• Long term acute care hospitals, for patients with complex medical needs requiring specialized care
  • Assisted living homes, for those patients who may need continued assistance with their activities of daily living
  • Drug and alcohol rehabilitation centers, for inpatient detox or other levels of care
  • Facilities to assist with mental health services, for inpatient and outpatient care
Your social worker will work with your insurance to help get these covered for you — or find other resources in the community that can assist you if you don't have insurance. Social workers know how to work with insurance companies effectively and efficiently, so you can focus on getting better.
3. Help you find ways to afford your medication.
It's common to be prescribed medications for after you leave the hospital, but those expenses can add up and cause an extra, unnecessary burden.
Along with your care team — which may include an on-site pharmacist — your social worker can potentially make those prescriptions more affordable by helping you find generic or less expensive versions of your medication.
If your physician prescribes a medication, make sure that you take it properly so you don't end up back in the hospital. Your social worker can help make that easier and less burdensome on your bank account.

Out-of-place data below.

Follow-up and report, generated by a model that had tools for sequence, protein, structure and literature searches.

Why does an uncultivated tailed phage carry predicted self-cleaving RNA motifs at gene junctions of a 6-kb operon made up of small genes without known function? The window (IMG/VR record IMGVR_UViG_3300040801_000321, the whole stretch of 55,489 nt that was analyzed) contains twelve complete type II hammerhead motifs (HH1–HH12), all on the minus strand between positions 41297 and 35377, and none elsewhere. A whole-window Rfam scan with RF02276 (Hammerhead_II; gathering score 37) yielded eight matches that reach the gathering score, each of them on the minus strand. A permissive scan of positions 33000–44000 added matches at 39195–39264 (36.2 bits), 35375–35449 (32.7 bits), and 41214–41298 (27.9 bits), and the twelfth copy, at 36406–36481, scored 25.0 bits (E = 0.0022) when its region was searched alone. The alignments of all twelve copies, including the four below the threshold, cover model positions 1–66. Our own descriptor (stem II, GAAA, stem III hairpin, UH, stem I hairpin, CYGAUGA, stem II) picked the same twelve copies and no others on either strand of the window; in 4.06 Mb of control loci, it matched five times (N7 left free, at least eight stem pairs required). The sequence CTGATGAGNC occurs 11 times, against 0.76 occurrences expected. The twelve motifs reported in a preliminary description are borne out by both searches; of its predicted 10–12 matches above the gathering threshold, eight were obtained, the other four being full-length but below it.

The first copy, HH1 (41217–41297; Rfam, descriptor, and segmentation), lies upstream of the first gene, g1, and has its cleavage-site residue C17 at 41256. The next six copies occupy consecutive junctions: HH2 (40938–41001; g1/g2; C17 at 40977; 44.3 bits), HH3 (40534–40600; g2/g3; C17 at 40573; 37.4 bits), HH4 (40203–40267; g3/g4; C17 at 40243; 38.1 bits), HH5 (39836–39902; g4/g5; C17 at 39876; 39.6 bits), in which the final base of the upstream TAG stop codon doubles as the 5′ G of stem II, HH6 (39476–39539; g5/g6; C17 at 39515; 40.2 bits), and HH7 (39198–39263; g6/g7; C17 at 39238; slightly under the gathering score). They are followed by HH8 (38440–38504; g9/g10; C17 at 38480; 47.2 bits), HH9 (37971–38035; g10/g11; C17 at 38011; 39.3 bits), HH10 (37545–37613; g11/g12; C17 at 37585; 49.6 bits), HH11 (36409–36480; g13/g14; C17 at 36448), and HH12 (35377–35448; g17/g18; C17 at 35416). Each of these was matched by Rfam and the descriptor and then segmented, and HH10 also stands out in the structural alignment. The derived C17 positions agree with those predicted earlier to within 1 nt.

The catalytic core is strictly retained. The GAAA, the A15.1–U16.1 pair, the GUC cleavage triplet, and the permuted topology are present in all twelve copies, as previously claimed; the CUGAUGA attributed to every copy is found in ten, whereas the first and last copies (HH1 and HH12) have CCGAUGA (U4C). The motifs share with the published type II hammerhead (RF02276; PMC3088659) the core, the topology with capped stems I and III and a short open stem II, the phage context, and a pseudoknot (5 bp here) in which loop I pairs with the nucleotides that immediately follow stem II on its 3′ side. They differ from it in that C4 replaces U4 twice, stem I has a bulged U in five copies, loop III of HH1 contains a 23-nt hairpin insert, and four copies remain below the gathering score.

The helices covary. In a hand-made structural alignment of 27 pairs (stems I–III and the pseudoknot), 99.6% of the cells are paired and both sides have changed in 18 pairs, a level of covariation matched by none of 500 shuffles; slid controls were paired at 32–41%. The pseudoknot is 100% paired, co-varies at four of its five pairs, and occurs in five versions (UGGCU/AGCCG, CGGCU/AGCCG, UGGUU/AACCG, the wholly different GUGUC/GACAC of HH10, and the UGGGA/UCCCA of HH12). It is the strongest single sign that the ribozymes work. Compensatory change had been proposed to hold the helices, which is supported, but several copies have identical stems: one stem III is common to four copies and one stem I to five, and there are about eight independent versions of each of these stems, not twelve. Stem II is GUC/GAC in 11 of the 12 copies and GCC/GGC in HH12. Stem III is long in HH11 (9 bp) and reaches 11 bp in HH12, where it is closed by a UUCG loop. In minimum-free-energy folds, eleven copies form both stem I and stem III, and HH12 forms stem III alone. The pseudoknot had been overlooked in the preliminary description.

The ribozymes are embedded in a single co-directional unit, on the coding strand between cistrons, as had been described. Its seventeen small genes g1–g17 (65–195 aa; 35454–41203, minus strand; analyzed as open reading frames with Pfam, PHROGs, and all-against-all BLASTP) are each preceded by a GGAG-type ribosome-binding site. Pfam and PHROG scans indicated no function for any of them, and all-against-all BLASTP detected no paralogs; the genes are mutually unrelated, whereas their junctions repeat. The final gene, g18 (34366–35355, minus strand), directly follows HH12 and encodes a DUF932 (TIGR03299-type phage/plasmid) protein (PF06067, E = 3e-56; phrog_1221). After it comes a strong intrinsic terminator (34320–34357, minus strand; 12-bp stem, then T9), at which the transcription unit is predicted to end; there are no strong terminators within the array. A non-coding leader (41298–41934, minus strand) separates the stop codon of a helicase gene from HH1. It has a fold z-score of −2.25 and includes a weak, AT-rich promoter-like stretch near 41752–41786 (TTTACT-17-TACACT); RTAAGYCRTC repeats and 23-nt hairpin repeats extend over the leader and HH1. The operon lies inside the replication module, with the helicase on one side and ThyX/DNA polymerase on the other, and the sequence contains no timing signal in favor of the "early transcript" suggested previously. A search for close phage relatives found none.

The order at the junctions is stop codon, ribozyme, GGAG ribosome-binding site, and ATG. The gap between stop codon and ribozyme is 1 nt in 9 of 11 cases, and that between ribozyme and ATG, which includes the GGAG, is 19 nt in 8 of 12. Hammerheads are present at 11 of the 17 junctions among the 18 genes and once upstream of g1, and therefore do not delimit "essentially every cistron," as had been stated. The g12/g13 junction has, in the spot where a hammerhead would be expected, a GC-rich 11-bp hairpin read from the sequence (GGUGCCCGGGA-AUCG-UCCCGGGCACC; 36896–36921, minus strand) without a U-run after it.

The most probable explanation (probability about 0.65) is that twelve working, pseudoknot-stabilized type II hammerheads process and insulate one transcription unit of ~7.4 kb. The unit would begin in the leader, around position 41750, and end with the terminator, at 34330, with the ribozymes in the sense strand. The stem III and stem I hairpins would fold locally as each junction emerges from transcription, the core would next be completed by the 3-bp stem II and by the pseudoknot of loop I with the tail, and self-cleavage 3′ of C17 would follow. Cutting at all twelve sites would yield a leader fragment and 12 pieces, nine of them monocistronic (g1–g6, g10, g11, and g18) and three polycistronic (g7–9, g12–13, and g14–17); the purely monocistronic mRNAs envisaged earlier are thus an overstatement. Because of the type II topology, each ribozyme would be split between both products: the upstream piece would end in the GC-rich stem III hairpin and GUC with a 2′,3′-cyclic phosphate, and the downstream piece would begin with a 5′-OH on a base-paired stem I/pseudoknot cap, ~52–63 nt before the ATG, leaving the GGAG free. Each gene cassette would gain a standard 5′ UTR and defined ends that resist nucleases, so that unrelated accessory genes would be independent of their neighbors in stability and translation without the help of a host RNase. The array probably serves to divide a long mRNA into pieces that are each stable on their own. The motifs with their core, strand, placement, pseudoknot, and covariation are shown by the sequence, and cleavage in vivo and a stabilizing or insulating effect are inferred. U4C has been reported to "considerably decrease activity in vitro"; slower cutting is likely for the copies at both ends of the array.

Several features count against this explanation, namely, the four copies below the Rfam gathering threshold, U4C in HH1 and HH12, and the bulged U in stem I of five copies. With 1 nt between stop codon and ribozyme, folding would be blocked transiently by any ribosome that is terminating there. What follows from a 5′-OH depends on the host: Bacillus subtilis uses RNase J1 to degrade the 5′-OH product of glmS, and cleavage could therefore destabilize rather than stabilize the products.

4. Provide you with the medical equipment you need to recover.
Recovery isn't easy, and you may need some equipment to help you move around, breathe efficiently, or monitor your own health. Whether you've been planning for your hospital stay or not, you may require some medical equipment you weren't prepared to track down.
Social workers can help you get the necessary resources you need, such as:
  • Walkers, wheelchairs, canes, or crutches
  • Hospital beds
  • Oxygen machines and accessories
  • Commode chairs
  • Pressure-reducing beds and mattresses
Chester County Hospital has many of these devices on-site, and a social worker can get them to you as soon as you need them. If you need something ordered, they can work with your insurance company to avoid reimbursement delays and get your equipment to you as soon as possible.
5. Follow up on your recovery while you're at home.
Social work doesn't end when you leave the hospital.
"Your transition from the hospital to home can be stressful, but this is a critical time to stay healthy and avoid returning to the hospital. Social workers can continue to be a resource to help you during this transitional period and reduce your chances of readmission," says Anne-Marie Shea, MSW, social work team lead for Chester County Hospital's inpatient services.
Chester County Hospital's Continuum of Care program has 3 full-time social workers whose primary job is to make sure your recovery at home goes as smoothly as possible. They may call you after discharge, and their goal is to keep you healthy — and out of the hospital.
If you've recently been discharged from Chester County Hospital, a social worker may call you to follow up on:
  • Your health, such as if you're taking your prescribed medications and eating healthy
  • Follow-up appointments with your physicians
  • Homecare, such as how often your homecare is visiting
  • Financial issues, such as difficulty paying for your medications or accessing transportation
6. Connect you with other resources in the hospital and in the community.